February 24, 2013 1 Comment
The ideacapitalist interviews… the ideacapitalist, family guy, entrepreneur and small business owner.
How did you become a small business owner, and why?
The simplest answer would be, no one would hire me. My first job out of school was working for my dad. Nine months later, my dad fired me. I knew it was coming. My dad ran the business out of the house. That morning my mom had made me my favorite breakfast, blueberry pancakes.
Thereafter, I have had successful stints with large and mid-size companies, but there’s only so much a person will do for money. I had reached my limit.
What do you love the most about running a small business?
Gainfully employing good people. Growing the business. Being more innovative and responsive than our larger competitors and winning.
What does owning a business allow you to do that most folks do not get to enjoy?
This question has the potential to be long on clichés, but the right answer is that I never have to think twice about getting out of bed in the morning.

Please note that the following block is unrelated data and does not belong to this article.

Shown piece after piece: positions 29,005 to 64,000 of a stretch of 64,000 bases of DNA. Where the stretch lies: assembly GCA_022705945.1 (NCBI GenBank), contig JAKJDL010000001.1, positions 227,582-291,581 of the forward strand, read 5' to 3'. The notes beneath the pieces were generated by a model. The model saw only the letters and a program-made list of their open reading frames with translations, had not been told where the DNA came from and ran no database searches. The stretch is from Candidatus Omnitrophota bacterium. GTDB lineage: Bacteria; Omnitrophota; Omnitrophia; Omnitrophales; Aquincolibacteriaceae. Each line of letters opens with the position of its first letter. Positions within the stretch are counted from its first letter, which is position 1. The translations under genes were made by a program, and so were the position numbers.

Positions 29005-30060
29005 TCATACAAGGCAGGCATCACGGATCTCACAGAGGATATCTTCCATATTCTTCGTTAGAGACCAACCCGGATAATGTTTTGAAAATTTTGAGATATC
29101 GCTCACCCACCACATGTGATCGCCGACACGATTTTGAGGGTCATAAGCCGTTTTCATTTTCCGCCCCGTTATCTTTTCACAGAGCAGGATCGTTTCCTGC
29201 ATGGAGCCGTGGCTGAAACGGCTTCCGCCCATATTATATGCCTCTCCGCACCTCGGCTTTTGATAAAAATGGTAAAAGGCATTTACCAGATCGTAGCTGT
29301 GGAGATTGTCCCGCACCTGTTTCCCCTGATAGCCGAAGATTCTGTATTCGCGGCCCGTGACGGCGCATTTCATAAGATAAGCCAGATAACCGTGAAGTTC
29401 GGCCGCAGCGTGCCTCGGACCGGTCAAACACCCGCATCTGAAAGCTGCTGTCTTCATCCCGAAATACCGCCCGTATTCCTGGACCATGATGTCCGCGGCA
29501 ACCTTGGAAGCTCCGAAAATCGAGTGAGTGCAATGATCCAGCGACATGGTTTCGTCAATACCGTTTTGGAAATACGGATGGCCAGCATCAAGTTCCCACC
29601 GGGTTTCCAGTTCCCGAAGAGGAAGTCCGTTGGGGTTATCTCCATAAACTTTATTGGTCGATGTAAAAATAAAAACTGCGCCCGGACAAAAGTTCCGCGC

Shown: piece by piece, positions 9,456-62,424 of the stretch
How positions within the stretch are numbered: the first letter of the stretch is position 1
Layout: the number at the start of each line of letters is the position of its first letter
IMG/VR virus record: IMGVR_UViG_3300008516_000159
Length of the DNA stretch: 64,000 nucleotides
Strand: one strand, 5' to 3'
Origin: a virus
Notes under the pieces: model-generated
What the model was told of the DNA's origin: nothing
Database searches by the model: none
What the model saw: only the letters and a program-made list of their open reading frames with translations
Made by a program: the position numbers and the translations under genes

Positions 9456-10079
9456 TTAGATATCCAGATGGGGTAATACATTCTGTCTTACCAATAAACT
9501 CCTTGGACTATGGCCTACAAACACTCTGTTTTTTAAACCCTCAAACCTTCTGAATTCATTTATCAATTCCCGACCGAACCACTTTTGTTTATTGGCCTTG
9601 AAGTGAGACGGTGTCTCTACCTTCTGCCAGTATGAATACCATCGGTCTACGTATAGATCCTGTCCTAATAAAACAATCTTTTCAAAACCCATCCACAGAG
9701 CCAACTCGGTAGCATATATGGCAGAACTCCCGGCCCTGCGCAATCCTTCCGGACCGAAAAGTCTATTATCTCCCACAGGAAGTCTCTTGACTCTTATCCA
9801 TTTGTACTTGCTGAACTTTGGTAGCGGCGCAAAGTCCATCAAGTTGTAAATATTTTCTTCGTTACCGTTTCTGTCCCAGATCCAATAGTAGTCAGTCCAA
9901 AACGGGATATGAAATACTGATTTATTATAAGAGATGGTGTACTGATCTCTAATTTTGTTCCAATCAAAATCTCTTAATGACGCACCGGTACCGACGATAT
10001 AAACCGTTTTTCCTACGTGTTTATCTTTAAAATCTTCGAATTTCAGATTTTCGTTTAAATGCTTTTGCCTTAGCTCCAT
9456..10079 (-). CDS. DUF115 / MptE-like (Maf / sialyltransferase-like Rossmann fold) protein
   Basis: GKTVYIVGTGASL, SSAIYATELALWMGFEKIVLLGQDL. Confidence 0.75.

What is your biggest challenge right now and how are you dealing with it?
Ok, now it’s time for a clichés. My favorite expression is from Alan Kay, “The best way to predict the future is to invent it.” In the software development (technology) business we are reminded of this expression daily. We have to constantly reinvent ourselves.
What has been your proudest moment as a small business owner?
I’m going to equate pride with reward and say my most rewarding moment was when an employee, I held in high regard, walked into my office, and stuck out his hand. We shook hands and I asked him, “What is this all about?” He said, “You promised me within five years, I would be making “x-amount” of dollars per year and I am. Thanks.”
My proudest moment was March 7, 2013 when we celebrated 25 years in business.
What have you not yet achieved that you would like to?
I’m not a “bucket list” kind of guy. Certainly I have revenue goals and long-term objectives for the business. Call it 20/20, annual twenty (20) percent growth in both revenue and profit. The real challenge is balancing the physical challenges with the mental challenges. Next year, I’m looking forward to both cross-country skiing and cycling around Crater Lake.
What is the best part of your day?
Getting out on my bike for an hour or two in the middle of a work day, and not getting run over.
What do you read?
I’m reading an amazing, gut-wrenching, inspirational story of personal struggle and entrepreneurship titled Born to Rise: A Story of Children and Teachers Reaching Their Highest Potential by Deborah Kenney
What has been your biggest mistake and how did you learn from it?
I’ve made many. I’m going to make many more. My biggest mistake would be not to learn from them.